Having purchased this book on the basis of two five star reviews, I was most disappointed. It is very poorly written and, even after a few pages, the errors were easy to spot. For example, the author cites that 'the Japanese received intelligence of the arrival of the Prince of Wales and Repulse..'. The event was well publicised and meant to be a deterrent! Also the RAF in Hong Kong had '... two Walrus amphibians....over ten years old..' No -the Walrus entered service in the late 1930s. A fair portion of the book is taken up by the reminisences of John Harris (who repeats (or maybe was the source of) the RAF error. An historian shouldn't rely so much on one person's account especially when a lot of it is about his early life and post war career - totally irrelevant. The author has an annoying habit of jumping around including bits of modern history including the Vietnam and Gulf wars - again totally irrelevant. There is little of the underlying strategy nor of any of the details of the tactical situation and fighting. The book has all the hallmarks of being lashed together quickly from whatever material Mr Lindsay had to hand. The defenders of Hong Kong and students of history deserve better.
This brilliant new account of the Battle for Hong Kong in 1941 by Oliver Lindsay, contains much new material, and includes the memoirs of John Harris, a young architect who fought and was interned there for over four years. Contains over 40 photographs of exceptional interest and superb maps. Most readable and highly recommended. The foreword by Field Marshal Lord Bramall is particularly informative.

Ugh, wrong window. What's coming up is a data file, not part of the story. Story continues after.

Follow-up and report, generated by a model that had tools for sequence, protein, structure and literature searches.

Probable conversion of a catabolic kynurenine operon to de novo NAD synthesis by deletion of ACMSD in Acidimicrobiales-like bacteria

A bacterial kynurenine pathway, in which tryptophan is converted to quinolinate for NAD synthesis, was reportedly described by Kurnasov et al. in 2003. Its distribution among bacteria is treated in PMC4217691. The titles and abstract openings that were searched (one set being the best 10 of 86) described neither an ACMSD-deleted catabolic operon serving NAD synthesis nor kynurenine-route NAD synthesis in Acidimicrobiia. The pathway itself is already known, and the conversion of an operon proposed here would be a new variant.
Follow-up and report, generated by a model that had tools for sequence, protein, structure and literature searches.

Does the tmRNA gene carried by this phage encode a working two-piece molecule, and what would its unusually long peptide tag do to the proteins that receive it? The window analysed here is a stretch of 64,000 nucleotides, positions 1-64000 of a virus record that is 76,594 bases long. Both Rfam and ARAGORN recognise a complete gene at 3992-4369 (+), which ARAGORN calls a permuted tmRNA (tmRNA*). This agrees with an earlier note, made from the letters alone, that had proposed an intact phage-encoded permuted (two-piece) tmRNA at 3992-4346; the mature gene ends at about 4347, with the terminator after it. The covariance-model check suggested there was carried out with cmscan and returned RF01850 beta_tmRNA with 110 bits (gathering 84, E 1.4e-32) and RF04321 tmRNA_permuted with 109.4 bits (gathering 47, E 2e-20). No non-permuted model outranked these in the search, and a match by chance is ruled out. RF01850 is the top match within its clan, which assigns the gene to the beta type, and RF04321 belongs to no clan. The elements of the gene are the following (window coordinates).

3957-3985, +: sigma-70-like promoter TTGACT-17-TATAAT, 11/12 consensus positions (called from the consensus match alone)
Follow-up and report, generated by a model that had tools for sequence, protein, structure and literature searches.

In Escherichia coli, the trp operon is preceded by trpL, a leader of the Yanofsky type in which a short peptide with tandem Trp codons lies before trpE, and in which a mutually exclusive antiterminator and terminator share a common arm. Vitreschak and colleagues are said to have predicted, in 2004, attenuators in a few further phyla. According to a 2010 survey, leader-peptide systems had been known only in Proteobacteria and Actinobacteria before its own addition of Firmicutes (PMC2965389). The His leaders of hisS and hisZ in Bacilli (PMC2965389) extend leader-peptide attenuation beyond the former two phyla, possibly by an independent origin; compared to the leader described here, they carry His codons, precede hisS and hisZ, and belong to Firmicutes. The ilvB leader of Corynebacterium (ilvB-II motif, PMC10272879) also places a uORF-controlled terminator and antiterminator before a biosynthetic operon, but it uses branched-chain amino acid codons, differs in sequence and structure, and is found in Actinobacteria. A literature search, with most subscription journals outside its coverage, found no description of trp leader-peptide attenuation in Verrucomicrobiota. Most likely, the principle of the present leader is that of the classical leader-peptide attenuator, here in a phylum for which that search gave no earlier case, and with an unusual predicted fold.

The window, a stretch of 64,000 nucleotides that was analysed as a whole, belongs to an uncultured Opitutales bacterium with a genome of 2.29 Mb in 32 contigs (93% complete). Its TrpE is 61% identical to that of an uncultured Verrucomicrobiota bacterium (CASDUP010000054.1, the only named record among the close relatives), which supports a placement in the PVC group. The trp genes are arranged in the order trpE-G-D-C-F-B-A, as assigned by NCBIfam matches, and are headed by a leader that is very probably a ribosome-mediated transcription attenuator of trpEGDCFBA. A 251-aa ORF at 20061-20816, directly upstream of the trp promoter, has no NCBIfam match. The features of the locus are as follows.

This book combines Oliver Lindsay's excellent account of the battle for Hong Kong with John Harris's personal memories of those years, including his arrival in pre-war Hong Kong and his time as a prisoner of war. The result is a very engaging and readable account for anyone, particularly those interested in World War 2 or Hong Kong's history. The book is illustrated with about 40 often fascinating photographs, and 4 maps.
As a military historian residing in Hong Kong, and dare I say an authority on the 1941 battle, I have to say that I found Col. Lindsay's book somewhat disappointing. The disjointed style of writing which he employs, with frequent references to the actions of the Brigade of Guards in such conflicts as other WW 2 battles, e.g. the Falklands and the Gulf Wars, I found uncomfortable.
There are also inaccuracies, as pointed out by an earlier reviewer. One example; on page 89 Col. Lindsay confuses the 2 island brigades, stating that "Western" (sic) Brigade was commanded by Brig. Cedric Wallis and "Eastern" (sic) Brigade by Brig. John Lawson, when in fact it was the other way round.
On a positive note, however, the historical photographs are excellent.